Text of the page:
In the X Corps, in the attack of the Leipzig Salient, an interest-ing expedient was tried by the brigadier (Br.-General J. B. Jardine) commanding the right brigade (97th) of the 32nd Division. Recalling his experience of the successful combination in the attack of the Japanese artillery and infantry, in the battles of 1904/5, General Jardine insisted that the front lines of the attacking infantry of his brigade should creep out into No Man's Land before zero and lie down within 30 or 40 yards of the barrage that was then on the German front line, so that they could rush the German trench directly the barrage lifted off it. Acting in this way General Jardine's right battalion succeeded in forcing its way into the Leipzig Salient. Unfortunately there seems to have been no idea of any further advance close behind the barrage, indeed the map in the R.A. June Diary, which shows 10 distinct lifts, makes it quite clear that the lifts were from trench to trench, and in no sense was it a creeping barrage. Consequently, with the original penetration that had been achieved at zero, the advance of the 97th Infantry Brigade came to a standstill. Later on the Brigadier heard that the advance of his infantry had been checked in the Leipzig Salient but that the barrage was carrying on and lifting according to plan, so General Jardine gave immediate orders that two batteries should be taken out of the barrage and switched onto the defence of those men who were still maintaining a precarious hold on their gains in the Salient. This timely artillery co-operation undoubtedly went far towards assisting the hard-pressed infantry to hold what they had gained at the first onrush.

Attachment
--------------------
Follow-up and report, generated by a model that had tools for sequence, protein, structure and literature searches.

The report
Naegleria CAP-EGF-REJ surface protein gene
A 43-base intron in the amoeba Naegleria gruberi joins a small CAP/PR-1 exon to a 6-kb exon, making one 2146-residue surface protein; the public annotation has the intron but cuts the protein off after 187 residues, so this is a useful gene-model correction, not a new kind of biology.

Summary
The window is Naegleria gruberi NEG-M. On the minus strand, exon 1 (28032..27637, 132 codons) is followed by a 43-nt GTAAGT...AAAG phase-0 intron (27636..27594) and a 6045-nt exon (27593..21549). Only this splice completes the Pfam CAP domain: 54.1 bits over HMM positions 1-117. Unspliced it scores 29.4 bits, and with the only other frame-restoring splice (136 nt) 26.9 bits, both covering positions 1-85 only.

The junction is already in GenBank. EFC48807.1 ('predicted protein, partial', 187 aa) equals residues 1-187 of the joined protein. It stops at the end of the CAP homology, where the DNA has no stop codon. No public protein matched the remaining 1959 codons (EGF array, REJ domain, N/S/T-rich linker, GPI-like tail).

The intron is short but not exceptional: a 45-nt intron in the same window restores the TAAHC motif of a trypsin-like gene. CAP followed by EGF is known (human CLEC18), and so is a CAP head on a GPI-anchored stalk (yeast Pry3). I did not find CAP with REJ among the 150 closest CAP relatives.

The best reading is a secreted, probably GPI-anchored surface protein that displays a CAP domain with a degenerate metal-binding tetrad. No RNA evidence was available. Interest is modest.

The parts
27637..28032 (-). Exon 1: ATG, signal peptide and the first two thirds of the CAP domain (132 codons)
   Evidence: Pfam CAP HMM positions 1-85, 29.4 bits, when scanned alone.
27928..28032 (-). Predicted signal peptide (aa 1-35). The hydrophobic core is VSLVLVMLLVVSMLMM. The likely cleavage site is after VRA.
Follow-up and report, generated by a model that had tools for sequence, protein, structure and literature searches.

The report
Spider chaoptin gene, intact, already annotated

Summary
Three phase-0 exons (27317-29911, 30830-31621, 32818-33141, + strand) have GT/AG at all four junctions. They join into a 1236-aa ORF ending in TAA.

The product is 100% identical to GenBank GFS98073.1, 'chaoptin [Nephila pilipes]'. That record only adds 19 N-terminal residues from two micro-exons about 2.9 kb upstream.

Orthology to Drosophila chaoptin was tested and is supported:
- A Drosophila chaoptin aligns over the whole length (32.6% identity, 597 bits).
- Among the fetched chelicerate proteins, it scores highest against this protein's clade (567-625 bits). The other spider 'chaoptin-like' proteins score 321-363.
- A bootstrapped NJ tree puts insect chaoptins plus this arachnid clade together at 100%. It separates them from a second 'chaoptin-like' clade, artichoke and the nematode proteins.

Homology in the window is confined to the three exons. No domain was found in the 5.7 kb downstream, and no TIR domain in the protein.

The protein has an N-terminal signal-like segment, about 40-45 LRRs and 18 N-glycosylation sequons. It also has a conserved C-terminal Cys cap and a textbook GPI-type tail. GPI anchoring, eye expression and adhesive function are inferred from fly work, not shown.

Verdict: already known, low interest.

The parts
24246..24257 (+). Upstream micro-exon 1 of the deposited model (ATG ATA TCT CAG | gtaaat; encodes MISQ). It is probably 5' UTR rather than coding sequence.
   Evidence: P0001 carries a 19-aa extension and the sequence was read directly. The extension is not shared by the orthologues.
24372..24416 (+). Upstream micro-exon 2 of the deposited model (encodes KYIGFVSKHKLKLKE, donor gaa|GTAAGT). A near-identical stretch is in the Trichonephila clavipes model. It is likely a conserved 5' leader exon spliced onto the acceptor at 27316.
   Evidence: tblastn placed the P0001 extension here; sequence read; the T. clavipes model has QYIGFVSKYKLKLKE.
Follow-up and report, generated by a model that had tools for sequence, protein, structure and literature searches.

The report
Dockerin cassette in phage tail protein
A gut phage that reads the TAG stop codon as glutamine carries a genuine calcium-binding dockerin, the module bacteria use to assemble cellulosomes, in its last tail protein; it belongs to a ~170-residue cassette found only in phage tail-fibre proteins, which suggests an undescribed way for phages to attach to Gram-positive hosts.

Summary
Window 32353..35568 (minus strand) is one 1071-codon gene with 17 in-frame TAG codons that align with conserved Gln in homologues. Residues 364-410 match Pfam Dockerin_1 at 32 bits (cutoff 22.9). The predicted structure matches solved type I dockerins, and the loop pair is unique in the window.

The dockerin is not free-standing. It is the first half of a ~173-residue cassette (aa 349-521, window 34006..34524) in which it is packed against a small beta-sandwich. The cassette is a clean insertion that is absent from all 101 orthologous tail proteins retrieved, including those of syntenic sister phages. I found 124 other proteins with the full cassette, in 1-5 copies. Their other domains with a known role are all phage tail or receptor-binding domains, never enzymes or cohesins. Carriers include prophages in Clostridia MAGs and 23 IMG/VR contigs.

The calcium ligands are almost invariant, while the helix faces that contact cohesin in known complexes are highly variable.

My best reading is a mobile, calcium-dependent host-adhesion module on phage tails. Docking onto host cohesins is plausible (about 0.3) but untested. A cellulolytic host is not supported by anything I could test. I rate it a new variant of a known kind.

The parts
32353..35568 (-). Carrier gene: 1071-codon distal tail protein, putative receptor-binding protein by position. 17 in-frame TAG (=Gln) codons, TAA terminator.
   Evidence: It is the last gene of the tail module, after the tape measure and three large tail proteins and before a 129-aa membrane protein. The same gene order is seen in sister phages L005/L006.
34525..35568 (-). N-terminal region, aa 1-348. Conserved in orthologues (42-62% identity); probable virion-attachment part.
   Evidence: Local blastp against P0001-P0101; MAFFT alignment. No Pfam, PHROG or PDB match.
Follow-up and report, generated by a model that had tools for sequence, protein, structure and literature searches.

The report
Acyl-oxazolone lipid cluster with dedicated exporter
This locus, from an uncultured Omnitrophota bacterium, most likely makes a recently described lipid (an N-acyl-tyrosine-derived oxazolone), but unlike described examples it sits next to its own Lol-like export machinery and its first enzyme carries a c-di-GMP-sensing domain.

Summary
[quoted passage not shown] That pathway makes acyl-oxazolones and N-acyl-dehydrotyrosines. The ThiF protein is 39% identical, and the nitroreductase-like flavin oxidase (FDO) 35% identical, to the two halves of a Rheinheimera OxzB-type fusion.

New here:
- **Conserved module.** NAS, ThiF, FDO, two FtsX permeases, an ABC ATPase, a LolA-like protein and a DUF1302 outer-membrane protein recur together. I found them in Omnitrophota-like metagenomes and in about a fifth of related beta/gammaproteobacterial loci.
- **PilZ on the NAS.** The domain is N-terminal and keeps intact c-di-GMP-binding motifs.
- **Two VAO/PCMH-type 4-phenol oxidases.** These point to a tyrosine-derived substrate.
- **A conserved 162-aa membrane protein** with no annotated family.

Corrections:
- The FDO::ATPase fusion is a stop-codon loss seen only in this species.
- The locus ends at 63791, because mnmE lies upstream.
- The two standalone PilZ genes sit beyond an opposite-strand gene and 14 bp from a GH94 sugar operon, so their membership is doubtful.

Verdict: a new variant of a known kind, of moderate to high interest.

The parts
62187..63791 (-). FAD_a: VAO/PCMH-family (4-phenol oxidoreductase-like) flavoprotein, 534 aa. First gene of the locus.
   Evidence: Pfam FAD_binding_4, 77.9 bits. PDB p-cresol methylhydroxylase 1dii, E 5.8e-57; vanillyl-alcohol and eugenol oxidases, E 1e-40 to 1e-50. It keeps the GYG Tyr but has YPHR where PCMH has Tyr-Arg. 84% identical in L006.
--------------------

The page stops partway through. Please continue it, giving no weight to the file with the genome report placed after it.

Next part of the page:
The projected attack of the 3rd Objective on this front was to have been entrusted to the reserve brigade, the 14th, and, accomp-anying the July documents of the 19th Lancashire Fusiliers of this Brigade, there is a sketch with a table showing the distinct lifts which were to be made by the covering 18-pdr. batteries when on this front the 14th Brigade attacked the German Second Line. The sketch shows that the barrage was not creeping forward, but jumping from one trench line to the next. In the 36th Division, on the left of the 32nd, the true creeping barrage was not employed, but the lifts were from one trench to another, whilst some 18-pdrs. and 4.5" hows. "walked up" the communication trenches. South of the Ancre, the first onslaught of the 36th was extremely successful and a deep penetration was achieved, though the gains could not be maintained.